Collaboration has a long-established tradition in space activities, and the committee was explicitly charged to include consideration of the programs and priorities of current and potential international partners when examining the value of human spaceflight. Collaboration has become an integral part of the space policy of essentially all nations that are participating in space; most nations now do not execute substantial space projects without some foreign participation. The reasons for collaboration are multiple, but in a survey of cooperative agreements between international partners,32 it was found that nations cooperate principally when it benefits themselves. It is generally understood that international collaboration taps into the resources of multiple countries to increase the scope of programs beyond the capabilities of individual participants.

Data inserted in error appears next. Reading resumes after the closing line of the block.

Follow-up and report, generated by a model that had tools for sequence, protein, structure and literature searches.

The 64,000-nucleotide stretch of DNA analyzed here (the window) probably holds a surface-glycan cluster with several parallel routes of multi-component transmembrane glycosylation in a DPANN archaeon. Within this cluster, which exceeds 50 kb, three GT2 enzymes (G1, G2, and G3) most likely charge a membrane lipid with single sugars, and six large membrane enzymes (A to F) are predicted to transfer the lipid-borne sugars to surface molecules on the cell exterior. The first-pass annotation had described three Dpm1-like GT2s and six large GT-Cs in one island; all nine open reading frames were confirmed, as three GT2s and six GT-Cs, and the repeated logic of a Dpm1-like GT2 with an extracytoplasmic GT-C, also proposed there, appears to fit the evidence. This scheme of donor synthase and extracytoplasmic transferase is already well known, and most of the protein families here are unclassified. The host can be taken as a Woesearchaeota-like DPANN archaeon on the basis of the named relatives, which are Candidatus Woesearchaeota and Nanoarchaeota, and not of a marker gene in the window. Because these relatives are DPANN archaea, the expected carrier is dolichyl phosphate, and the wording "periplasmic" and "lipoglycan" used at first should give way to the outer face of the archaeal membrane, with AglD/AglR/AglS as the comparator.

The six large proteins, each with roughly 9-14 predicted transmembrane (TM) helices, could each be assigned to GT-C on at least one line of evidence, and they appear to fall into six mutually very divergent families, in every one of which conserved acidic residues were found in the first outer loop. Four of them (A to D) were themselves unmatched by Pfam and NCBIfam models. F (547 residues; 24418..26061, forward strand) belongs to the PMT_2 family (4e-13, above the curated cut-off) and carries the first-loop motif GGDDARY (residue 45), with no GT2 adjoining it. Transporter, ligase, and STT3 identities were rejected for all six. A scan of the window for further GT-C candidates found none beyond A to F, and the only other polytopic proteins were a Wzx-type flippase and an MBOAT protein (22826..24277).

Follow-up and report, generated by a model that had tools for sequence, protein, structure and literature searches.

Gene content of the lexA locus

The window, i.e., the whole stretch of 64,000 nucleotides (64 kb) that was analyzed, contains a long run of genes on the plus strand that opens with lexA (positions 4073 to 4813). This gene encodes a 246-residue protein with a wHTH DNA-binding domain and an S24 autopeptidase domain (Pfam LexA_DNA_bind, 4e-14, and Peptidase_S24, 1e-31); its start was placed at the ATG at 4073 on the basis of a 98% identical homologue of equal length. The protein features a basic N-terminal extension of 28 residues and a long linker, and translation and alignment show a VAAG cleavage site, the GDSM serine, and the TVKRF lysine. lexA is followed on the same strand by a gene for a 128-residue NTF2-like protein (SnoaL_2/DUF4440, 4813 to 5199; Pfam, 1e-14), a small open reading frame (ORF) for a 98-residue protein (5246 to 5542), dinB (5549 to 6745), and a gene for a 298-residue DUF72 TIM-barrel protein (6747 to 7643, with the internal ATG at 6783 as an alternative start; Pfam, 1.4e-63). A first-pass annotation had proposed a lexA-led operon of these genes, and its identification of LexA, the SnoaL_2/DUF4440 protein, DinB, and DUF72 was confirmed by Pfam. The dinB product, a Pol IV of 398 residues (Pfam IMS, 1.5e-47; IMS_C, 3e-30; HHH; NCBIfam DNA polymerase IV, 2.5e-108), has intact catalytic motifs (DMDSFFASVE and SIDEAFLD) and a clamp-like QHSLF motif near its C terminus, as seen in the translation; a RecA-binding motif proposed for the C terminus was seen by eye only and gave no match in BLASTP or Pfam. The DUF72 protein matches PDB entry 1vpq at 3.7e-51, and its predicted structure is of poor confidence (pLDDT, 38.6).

The benefits of collaboration are numerous. Collaboration gives nations the opportunity to enlarge their spectrum of mission possibilities by coordinating development and optimizing planning and resources. There is an assumption that if the partners contribute capability, the whole can be greater than the sum of the parts, and the cost can be shared among the partners. A space project is potentially more affordable for each individual partner, and the pool of scientific and technological expertise brought to bear on the project is enriched. However, the evidence that international collaboration reduces costs for the lead partner, such as the United States, remains inconclusive.33 Indeed, senior NASA officials reported to the present committee that international collaboration does not reduce costs. The scale and scope of a human mission to Mars would have to include major systems and subsystems developed by multiple mission partners to affect costs for the major contributor. Such collaborations, especially if partners are brought in during early stages and with firm cost-sharing arrangements in place, might make an effort of this scale less vulnerable to disruption and sudden changes.